Egholm Refuge

Student thesis: Master thesis (including HD thesis)

  • Joachim Morell Jakobsen
  • Søren Dam Mortensen
4. term, Architecture, Master (Master Programme)
What is a refuge? This question is the primus motor for this project. The question could be answered in several different ways, and when confronted with the following design of strategy that the answer requires to realize the architectural design of a building, the potential outcome of the project is very open.

The design of this particular refuge seeks to accommodate a need for calm and immersion in work for research, studies, writing and the visual arts. The design of the refuge seeks to answer these needs by creating distance from the everyday life of the visitor, be it the life of the city or the life of the suburbs.

The site of the refuge was chosen as a consequence of this answer, or design parameter, to be on the small island of Egholm, just north of Aalborg. Being close to the city, yet clearly detached from it, the island provides the transition that creates the distance needed to the mainland. The transition is taken from the city by boat across Limfjorden, the seaway, to the island of Egholm, across the flat land of fields to the relatively wild part of the island that presents its rich animal life both visually and auditory, as well as the rich vegetation. On the coast on the southwestern part of Egholm the site is presented to the visitor.

These transitions is developed even further in the design of the refuge. As one Is presented to the site, one is greeted by the main building, a large, square, monolithic building, clad in rusty steel and concrete. The indoors is welcoming with its warm wooden surfaces that stands in contrast to the often bleak and murky weather of the danish outdoors. The building complex consisting of towers placed in the water of Limfjorden reveals itself as one ascends the stairs to the “level of the refuge”. The level of the refuge being the level of the dyke, that until this moment has concealed the vista of Limfjorden from the visitor. A raised walkway in the shape of a circle encompasses the towers that seems to be standing arbitrarily In the shallow water. The walkway takes the visitor on a journey to the outdoors again, walking over the landscape, a small brook, across the dyke and above the changing waters of Limfjorden to the designated tower, where a vertical distribution stair leads up to ones workroom. These transitions seeks to create the significant distance to the everyday life of the visitor.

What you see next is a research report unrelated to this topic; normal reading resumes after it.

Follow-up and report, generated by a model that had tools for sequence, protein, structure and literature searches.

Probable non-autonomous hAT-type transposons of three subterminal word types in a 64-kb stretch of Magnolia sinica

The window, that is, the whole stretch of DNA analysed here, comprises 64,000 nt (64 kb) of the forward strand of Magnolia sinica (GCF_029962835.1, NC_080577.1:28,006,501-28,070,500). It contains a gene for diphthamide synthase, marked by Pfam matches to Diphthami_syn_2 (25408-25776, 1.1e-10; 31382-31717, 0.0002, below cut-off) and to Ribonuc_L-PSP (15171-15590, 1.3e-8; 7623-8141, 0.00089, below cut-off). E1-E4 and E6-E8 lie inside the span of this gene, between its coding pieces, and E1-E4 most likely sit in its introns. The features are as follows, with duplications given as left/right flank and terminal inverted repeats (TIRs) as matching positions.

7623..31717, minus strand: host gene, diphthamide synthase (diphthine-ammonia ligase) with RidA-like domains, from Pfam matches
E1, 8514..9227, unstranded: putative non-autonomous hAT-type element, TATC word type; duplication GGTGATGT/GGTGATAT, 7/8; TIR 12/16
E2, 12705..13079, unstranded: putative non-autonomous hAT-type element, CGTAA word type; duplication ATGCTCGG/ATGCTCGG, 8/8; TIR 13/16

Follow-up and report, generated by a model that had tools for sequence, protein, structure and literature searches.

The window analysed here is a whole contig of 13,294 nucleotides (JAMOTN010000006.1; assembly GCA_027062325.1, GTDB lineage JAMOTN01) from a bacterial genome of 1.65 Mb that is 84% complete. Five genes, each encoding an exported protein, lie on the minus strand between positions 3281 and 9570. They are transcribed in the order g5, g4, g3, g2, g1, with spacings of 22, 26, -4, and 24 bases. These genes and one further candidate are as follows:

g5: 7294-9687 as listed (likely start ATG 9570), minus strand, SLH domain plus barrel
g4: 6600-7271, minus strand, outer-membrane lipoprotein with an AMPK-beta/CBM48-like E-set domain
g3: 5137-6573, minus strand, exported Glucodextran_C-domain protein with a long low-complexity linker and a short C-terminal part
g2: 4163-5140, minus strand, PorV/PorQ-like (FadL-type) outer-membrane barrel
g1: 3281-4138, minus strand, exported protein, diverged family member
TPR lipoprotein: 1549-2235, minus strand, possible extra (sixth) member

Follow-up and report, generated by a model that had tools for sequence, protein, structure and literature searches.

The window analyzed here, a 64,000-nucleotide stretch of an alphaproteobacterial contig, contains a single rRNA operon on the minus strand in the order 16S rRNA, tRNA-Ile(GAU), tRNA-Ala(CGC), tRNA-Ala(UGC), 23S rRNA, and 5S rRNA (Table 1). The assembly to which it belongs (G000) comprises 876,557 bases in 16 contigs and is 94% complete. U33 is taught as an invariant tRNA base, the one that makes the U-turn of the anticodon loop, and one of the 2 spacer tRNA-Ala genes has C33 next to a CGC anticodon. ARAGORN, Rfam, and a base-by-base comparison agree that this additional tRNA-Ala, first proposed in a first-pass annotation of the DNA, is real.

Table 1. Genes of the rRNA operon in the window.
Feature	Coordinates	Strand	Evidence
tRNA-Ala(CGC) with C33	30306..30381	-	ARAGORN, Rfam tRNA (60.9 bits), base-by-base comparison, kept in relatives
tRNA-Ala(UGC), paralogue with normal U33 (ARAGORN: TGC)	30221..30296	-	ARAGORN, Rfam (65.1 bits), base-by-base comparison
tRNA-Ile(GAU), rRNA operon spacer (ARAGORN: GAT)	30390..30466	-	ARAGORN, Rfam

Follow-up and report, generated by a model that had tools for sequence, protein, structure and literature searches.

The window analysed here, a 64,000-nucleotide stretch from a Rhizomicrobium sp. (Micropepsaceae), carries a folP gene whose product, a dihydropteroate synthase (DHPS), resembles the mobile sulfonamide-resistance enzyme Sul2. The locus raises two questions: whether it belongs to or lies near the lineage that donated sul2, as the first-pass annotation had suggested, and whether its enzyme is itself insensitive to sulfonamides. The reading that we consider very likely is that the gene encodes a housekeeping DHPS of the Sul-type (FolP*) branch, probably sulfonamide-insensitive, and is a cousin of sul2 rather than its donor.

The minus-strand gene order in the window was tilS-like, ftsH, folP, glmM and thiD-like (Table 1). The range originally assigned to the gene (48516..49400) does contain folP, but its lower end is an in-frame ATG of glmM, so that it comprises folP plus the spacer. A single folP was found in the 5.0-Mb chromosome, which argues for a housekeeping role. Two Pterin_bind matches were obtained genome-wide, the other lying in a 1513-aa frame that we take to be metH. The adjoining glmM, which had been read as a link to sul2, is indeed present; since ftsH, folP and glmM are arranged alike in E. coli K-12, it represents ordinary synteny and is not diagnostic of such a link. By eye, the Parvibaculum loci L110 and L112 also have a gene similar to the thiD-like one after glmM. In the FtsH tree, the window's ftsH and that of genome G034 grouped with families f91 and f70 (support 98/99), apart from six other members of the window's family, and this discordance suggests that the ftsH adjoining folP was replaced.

The aim of creating calm and space for immersion in work are linked. The calm is sought in order to achieve the surplus to immerse in a given work. The theory of prospect and refuge, coined by Jay Appleton in 1975 is used as an inspiration to design spaces that accommodates these needs. The interior of the work areas, be it for the writer or the painter, offers brightly daylit spaces. In contrast to the secondary spaces such as the sleeping area, entrance, toilet and bath, these workspaces offers a higher room height, creating a subtle transition between them. The consciousness of the dimmer lit, lower areas of the work room, from the work area, creates the calm notion of the possibility of refuge while working. The view to the outside from the work area offers the awareness of secondary places of prospect and refuge, namely the walkway and the other buildings respectively.

The designed refuge makes use of this definition of the refuge and the following transition and theory of prospect and refuge to answer the proposed question. Together with the integrated design process, using energy calculation while sketching the design of the refuge, and making use of passive as well as active means to lower the use of energy the project comply with energy consumption of the danish building regulation predicted 2020.
LanguageDanish
Publication date23 May 2012
Number of pages123

Images

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ID: 63233969